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  1. #1

    Join Date
    Aug 2016
    Posts
    9

    Default 1998 Sportster project

    Hello,

    My name is Gavin. I started a thread back in January documenting my progress but it must have been removed. Oh well Ill just start from the top. Around April of last year I ended up with a 1998 Sportster that needed some work. Been sitting after the previous owner passed away and the bike ended up in the possession of someone who didn't have a lot of time for the bike.

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    Once I got the bike I ended up trying to take it in a swing arm chopper route but didn't end up really digging it to much.

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    Bike ended up sitting for a minute while I brain stormed on what path I wanted to take with it. Didn't decided what I actually wanted to do with it until I was knee deep in paramedic school so the obvious thing to do was just throw the project on top of all my other responsibilities with school. Bought a throttle addiction hardtail and cut the frame in half once it arrived. With a little help from my dad we were able to get the frame cut and welded within a few hours.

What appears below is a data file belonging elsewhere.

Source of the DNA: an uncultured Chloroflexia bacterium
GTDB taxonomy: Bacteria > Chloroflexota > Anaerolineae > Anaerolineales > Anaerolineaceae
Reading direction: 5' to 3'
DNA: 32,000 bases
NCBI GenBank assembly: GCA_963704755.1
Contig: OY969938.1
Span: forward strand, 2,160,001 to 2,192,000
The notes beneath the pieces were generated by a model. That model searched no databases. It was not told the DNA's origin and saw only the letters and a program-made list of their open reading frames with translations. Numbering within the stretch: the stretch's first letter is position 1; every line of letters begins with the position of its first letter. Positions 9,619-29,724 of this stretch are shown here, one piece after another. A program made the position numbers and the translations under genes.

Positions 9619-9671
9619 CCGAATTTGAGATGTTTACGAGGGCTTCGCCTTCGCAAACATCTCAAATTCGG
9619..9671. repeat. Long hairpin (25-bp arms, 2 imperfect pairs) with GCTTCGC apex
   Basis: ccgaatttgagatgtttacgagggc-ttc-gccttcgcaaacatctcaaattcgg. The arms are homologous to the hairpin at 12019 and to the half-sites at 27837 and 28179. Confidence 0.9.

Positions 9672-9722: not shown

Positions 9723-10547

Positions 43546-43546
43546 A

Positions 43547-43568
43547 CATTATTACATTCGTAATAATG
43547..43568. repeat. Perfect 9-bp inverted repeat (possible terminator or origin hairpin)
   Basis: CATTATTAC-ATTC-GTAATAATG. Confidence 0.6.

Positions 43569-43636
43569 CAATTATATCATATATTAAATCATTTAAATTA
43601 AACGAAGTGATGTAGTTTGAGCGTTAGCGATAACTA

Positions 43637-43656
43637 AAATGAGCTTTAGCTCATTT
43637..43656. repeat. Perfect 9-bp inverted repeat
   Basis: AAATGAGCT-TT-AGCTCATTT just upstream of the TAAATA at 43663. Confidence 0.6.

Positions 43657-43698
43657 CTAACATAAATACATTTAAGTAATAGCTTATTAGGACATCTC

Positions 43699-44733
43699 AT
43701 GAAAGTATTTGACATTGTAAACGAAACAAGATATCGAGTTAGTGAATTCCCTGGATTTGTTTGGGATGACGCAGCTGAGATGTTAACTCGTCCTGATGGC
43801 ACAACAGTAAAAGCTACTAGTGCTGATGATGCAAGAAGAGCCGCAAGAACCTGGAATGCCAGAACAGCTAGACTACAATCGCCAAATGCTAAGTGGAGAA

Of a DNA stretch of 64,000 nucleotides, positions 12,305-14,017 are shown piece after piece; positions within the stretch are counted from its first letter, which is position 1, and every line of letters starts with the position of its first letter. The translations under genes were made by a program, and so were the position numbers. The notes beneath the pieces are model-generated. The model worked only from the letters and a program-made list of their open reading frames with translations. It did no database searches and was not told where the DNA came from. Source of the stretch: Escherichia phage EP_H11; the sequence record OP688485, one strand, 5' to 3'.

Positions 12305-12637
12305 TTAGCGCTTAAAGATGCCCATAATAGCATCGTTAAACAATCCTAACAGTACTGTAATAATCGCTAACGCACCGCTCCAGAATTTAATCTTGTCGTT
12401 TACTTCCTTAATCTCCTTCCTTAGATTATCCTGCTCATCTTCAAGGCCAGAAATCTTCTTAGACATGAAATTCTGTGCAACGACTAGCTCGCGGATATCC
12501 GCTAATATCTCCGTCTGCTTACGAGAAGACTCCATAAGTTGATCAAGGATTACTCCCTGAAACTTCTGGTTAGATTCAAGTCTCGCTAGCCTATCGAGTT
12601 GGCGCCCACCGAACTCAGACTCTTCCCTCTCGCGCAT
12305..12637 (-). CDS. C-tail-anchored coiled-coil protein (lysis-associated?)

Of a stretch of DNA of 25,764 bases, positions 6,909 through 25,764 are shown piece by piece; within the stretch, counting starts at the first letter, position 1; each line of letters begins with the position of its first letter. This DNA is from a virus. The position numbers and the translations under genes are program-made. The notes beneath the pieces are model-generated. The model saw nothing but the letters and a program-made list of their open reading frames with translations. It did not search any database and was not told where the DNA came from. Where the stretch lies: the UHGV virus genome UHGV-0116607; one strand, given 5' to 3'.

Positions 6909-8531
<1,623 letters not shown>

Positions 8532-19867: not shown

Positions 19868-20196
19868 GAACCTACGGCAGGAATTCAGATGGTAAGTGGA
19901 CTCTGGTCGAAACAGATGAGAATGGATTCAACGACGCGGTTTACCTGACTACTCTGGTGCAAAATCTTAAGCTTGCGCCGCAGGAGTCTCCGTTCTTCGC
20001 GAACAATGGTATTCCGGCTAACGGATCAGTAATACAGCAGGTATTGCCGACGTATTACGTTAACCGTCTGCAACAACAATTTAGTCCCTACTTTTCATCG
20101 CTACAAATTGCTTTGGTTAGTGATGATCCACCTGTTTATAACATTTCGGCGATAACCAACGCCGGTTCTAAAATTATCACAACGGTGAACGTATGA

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    Assembled the bike into a roller shortly after.

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    Once the bike was a roller the bike went back to sitting. For awhile. Once May of this year came around I finally found the time to start painting. I decided to challenge myself with the painting (for my skill level it was a challenge). I started off trying to do skinny flames with a black base coat and decided I could do way better. After a few tries of laying down masking tape to mark off my flames I decided to give gold leaf a shot.